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Since the age of five, Severn Cullis-Suzuki has been committed to making the world a greener better place. By the age of nine, she had formed the Environmental Children's Organization (ECO) with an assembly of concerned children at Lord Tennyson Elementary School in Vancouver. She became an activist whose presence transcended previous notions of age and gender.
In 1992, at the age of 12, Cullis-Suzuki took her activism to the next step as she and her friends raised enough money at neighborhood bake sales to attend the United Nations (UN) Earth Summit in Rio de Janeiro. Addressing the assemblage of world leaders, Cullis-Suzuki became the world's most youthful ecological hero and her name became recognizable by the leaders of the world. In just over six minutes, Severn Cullis-Suzuki had become synonymous with environmental change and world community.
Severn Cullis-Suzuki's dedication to improving the earth's ecological treatment is no accident. Born to internationally respected environmentalists Tara Cullis and David Suzuki, it would seem only natural that Cullis-Suzuki adopt a role as global protector. Cullis and Suzuki named their daughter for the United Kingdom's unusual Severn River, known for the rare tidal wave occurrence known as the Severn Bore. Their expectations seem precognitive as Severn Cullis-Suzuki's activism continues to take the world by storm.
Achieving her Bachelor's of Science in ecology and evolutionary biology, Severn Cullis-Suzuki proved that her commitment far exceeded her endeavors in her youth. While at Yale, Cullis-Suzuki and her friends collaborated to pen the "Record of Responsibility," a confessional document that acknowledged each signer's own responsibility in potential ecological disaster and listed numerous suggestions for correcting many environmental problems. Demonstrating the tenacity that had drawn world attention to her childhood speech, Severn Cullis-Suzuki took a broad step toward her future goals as she carried the "Record of Responsibility" to the 2002 UN Earth Summit.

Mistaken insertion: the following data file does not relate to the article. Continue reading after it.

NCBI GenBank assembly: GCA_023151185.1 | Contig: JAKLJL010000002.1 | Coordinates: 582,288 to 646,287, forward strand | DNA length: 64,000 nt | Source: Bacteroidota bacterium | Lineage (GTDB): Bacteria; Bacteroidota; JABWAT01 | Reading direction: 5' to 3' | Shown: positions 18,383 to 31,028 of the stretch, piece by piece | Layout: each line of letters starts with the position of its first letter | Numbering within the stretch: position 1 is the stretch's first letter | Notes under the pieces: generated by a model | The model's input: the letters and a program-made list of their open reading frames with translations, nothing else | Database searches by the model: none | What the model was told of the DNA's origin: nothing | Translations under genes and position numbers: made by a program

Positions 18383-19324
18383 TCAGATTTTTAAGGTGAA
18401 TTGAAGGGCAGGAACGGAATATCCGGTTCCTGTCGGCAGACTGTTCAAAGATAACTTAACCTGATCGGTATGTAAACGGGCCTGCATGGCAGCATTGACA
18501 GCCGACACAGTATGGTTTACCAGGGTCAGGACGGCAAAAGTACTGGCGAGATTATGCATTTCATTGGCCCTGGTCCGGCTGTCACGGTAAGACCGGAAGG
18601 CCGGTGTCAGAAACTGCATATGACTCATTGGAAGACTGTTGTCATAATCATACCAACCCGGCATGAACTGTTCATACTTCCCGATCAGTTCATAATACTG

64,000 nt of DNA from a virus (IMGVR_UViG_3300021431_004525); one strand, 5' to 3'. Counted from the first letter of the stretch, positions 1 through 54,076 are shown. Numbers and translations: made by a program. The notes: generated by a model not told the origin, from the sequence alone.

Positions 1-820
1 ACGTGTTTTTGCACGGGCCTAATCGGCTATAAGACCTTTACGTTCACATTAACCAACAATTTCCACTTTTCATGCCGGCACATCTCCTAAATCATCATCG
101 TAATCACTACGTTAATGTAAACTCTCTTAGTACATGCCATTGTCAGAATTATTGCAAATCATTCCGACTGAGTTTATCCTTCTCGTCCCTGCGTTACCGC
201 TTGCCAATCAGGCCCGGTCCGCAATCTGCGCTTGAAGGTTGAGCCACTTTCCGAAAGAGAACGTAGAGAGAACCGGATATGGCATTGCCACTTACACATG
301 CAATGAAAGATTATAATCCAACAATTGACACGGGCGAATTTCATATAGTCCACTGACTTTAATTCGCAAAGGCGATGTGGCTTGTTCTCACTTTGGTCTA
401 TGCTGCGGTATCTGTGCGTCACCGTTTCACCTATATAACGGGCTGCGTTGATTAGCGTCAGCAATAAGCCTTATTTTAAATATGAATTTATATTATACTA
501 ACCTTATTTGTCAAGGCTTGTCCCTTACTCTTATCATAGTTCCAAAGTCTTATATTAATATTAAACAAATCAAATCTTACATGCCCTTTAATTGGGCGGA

Along the way, Severn Cullis-Suzuki's path toward planetary healing has become a distinct one. Proud of her parents' dedication to environmental issues, Cullis-Suzuki maintains that her specific interests are in the social roots and ramifications of ecological issues. With those interests in mind, she pursues her Master's degree in ethnoecology at the University of Victoria. Studying the various social interactions of various communities and how those interactions affect the earth's ecology, Cullis-Suzuki hopes to continue to affect environmental and ecological improvement.
Frequently Asked Questions
Who is Severn Cullis-Suzuki?
Severn Cullis-Suzuki is an environmental activist, speaker, television host, and author. She first gained international attention at the age of 12 when she delivered a powerful speech at the United Nations Earth Summit in Rio de Janeiro in 1992. The daughter of Canadian environmentalist David Suzuki, she has continued her advocacy for sustainable development and climate change awareness throughout her life.
What did Severn Cullis-Suzuki achieve with her speech at the UN Earth Summit?
Severn Cullis-Suzuki's speech at the UN Earth Summit in 1992, known as "The Girl Who Silenced the World for 5 Minutes," highlighted the urgency of environmental responsibility and the impact of adult decisions on children's futures. Her articulate and passionate plea resonated globally, earning her the nickname "The Girl Who Silenced the World" and bringing youth perspectives to the forefront of environmental discussions.
What has Severn Cullis-Suzuki done since her famous speech?
Since her famous speech, Severn Cullis-Suzuki has continued her environmental activism. She completed a B.Sc. in Ecology and Evolutionary Biology from Yale University and a M.Sc. in Ethnoecology from the University of Victoria. She co-founded the Environmental Children's Organization (ECO), authored books, and served on the Earth Charter Commission. She also advocates for indigenous rights and sustainable community practices.
Has Severn Cullis-Suzuki received any awards or recognition for her work?
Yes, Severn Cullis-Suzuki has received several accolades for her environmental advocacy. She was honored with the Global 500 Roll of Honour by the United Nations Environment Programme in 1993 and received the Queen Elizabeth II Diamond Jubilee Medal in 2012. Her ongoing efforts to promote ecological sustainability and youth engagement in environmental issues have been widely recognized.
How can individuals contribute to the environmental causes championed by Severn Cullis-Suzuki?
Individuals can contribute to the environmental causes championed by Severn Cullis-Suzuki by reducing their carbon footprint, supporting sustainable practices, and advocating for policy changes. Engaging in community initiatives, educating oneself and others about environmental issues, and participating in local and global activism are also ways to make a difference. Severn emphasizes the power of collective action and the importance of each person's role in protecting the planet.